There are some interesting exhibits on the wooden walkway that connects the Founder’s Hall and the Amida Hall. These are all related to the tremendous human investment that went into the rebuilding of the temple in the late 19th century. We can see a large wooden sled, one of many that were used to transport lumber from the mountains for the reconstruction. There is also a diorama that depicts an avalanche overwhelming people on a snowy mountainside who are trying to transport timber for the new temple. Apparently many people lost their lives in this way, and the temple commemorates their sacrifice. Close by in a glass case is an enormous coiled rope that is actually made of human hair. Female devotees of the temple, cut their long hair and sent it to Higashi Honganji, where it was woven into gigantic ropes. These ropes were then used to haul the gigantic beams of the new buildings into place.
The Reception Hall & Gallery
On the north side of the temple grounds is the Sanpai Setto-sho, or reception hall which connects with a gallery and audio visual hall. The gallery holds regular exhibitions on Buddhist related themes. The reception hall was designed by Goichi Takeda the founder of the architecture department at Kyoto University and completed in 1934. The gallery and audio-visual hall are housed in a futuristic building which though mostly underground, is cleverly lit with natural light. It was designed by Shin Takamatsu and completed in 1998.
Higashi Honganji’s gates are also of some interest.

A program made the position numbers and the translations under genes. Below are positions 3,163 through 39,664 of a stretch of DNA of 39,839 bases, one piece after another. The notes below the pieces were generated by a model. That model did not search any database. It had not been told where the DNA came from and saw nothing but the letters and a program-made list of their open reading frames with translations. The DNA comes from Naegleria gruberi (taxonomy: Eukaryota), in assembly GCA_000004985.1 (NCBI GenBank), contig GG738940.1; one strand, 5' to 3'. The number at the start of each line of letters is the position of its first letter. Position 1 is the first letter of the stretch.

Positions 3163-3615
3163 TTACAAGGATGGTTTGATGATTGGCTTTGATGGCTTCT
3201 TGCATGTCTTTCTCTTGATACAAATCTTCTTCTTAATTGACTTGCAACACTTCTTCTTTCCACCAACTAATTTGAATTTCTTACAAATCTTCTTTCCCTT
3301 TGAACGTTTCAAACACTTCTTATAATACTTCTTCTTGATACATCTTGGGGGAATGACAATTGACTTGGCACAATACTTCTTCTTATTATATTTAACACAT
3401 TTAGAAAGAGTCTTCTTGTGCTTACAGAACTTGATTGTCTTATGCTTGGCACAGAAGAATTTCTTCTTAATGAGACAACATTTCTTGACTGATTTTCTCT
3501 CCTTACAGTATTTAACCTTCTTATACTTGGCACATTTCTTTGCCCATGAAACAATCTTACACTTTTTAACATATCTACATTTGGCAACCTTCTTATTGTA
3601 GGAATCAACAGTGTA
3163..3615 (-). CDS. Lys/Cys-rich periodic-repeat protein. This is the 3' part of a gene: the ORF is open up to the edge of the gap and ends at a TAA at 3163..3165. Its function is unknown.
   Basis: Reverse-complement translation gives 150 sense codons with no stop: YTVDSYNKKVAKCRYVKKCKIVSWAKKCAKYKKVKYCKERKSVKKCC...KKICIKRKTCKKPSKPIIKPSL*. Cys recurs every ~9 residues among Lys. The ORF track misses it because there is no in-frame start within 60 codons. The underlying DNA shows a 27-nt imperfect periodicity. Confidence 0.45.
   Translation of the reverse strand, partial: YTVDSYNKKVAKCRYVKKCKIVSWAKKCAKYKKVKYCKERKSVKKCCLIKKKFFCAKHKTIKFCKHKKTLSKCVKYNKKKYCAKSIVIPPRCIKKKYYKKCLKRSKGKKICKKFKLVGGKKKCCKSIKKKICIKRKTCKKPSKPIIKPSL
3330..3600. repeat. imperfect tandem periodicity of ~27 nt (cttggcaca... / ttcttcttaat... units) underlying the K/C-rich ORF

The Amida-do-mon, or Amida Hall Gate is the southernmost entry point. The gate here was originally part of Fushimi Castle but given to the temple by Tokugawa Ieyasu after he had the castle dismantled. Unfortunately, the gate was completely destroyed by the fire of 1864, but the current gate is apparently a faithful reproduction which was completed in 1909.
The grandest gate on the grounds is the Goei-do-mon, the Founder’s Hall Gate which was completed in 1911. This gate has two stories and two roofs and is approximately 28 meters (92 feet) in height.
The Imperial Messenger’s Gate, is also called the Chrysanthemum Gate, because it has two imperial chrysanthemum crests on its doors. This gate is normally kept closed, as it is strictly for the use of imperial messengers! The original gate here also came from Fushimi Castle, but was destroyed in 1864. This reconstruction was completed in 1913.
The Genkan-mon, or Formal Entrance Gate is also normally kept closed except for special ceremonies. This gate is the northernmost entrance to the grounds and was completed in 1911.
Higashi Honganji Temple Location Map
From the north central exit of Kyoto Station head north on Karasuma Street. You will pass both Kyoto Tower and the Yodobashi department store on your left before you see Higashi Honganji Temple on the north side of Shichijo Street. It is easily recognizable by the large sign on its outer walls on which thought provoking words are written in multiple languages: “Now, Life is living you”.
March – October: 5:50 am – 17:30
November – February: 6:20 am – 16:30
Article and original photos by Michael Lambe. All rights reserved.